by Ann Klefstad, editor
October 22, 2007
In this issue, MnArtsWeekly editor Ann Klefstad bids farewell; she’s leaving after November 1. Also, don’t miss the Soap Factory Haunted Basement preview! Plus a full slate of everything else: literature, music, dance, and more.
Ann Klefstad says goodbye;
there’ll be one more issue under her watch: MnArtsWeekly 1.34 will give you the long version of articles from the upcoming 10,000 arts,
our print quarterly produced in partnership with the Rake.
Jeffrey Kalstrom gives an erudite and personal take on the thrills and chills of the Soap Factory’s Haunted Basement:
don’t miss it! It’s your chance to put a stake through the heart of your clown phobia.
Lightsey Darst’s thoughts on the recent Houson Ballet
performances here encompass just why ballet remains so appealing—even in a democracy.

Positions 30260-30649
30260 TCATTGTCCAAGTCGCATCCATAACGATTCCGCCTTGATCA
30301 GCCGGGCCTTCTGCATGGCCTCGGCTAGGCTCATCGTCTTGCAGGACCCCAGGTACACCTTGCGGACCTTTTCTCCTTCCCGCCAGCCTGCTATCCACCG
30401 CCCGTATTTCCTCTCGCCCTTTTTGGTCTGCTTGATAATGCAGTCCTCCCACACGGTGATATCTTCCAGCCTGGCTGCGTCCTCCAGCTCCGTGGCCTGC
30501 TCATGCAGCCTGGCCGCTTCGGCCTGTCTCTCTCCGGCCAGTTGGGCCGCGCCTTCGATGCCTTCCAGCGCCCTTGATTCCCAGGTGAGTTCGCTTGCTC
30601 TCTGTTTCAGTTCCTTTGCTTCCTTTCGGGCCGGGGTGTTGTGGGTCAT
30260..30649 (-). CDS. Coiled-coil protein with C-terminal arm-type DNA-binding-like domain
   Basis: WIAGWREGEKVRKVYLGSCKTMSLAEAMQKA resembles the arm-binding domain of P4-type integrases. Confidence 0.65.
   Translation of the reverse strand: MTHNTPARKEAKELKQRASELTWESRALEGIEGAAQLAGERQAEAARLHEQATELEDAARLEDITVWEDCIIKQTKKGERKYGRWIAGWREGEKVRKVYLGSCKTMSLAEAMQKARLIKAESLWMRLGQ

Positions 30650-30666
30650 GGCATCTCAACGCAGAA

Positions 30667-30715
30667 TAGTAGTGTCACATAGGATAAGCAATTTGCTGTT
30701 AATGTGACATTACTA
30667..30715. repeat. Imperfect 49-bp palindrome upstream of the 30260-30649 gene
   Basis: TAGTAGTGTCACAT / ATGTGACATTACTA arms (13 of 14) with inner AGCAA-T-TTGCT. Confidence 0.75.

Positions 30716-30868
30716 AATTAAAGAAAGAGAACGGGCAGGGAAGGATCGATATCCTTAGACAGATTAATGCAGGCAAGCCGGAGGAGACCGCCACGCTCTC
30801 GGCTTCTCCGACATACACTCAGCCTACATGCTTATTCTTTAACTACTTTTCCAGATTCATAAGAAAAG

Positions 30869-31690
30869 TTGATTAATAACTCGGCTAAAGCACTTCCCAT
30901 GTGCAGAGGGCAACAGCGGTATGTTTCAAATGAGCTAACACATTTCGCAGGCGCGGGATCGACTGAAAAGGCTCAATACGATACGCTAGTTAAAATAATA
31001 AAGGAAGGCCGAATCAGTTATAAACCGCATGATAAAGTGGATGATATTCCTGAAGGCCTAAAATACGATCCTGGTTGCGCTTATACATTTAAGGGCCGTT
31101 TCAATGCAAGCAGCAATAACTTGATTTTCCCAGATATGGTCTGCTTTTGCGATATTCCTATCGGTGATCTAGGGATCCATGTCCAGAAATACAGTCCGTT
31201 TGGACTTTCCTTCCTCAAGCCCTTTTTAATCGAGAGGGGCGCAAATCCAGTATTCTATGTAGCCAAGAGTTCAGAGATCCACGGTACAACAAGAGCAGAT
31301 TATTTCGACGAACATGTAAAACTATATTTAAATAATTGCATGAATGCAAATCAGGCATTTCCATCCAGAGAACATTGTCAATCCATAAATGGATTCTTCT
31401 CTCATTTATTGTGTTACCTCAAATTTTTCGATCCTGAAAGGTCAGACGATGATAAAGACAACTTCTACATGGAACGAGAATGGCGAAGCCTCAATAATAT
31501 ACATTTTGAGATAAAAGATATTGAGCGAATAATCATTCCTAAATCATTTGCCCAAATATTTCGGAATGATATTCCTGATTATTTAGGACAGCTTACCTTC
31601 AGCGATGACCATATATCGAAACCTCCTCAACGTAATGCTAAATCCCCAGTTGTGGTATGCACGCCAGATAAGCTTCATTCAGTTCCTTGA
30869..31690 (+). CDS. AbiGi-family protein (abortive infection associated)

Tom Gadbois gives us a look at the way Justin Roth’s
career grew from an interest in music as business to an interest in music, as music. It’s a tale of passion and skill, in which practical canniness also plays a role. Yes, musicians can manage themselves—and without squelching their gifts.
Jaime Kleiman, back from her travels, gives us an up-close, personal take on Cherry Docs
at the Minnesota Jewish Theater Company. “Docs” (Doc Martens boots), which so many of us wore in our youth, become an emblem of hate; and the law becomes an ambiguous entity. Read her intriguing take on this tale of Jewish life in America.
Ann Klefstad reviews Marilynn Herrmann’s first book, Signalling for Rescue
an accomplished set of stories that belies its debut status. Both precise and subtle, these tales of everyday life in the mortal world contain multitudes.
Some Assembly Required, our podcast sampler of sampled music compiled by Jon Nelson, this week has over a dozen tracks by The Bran Flakes, Kristine H. Burns, Mr. Dibbs, The Overneath, People Like Us, PLS_WDTH, Project Data Control,
Realistic, David Shea, Splatt, Donna Summer, V/VM, Myeck Waters and Wobbly.
Our What Light poet this week is Mary Kay Rummel;
her work “Deciding to Stay” evokes Yeats’ “Wild Swans at Coole” in its autumnal immanence.
Finally, we reprise Sean Smuda’s account of the show he co-curated with Obsidian Arts, “Segrelicious.”
It’s up for a few days more—seize the moment and go and see.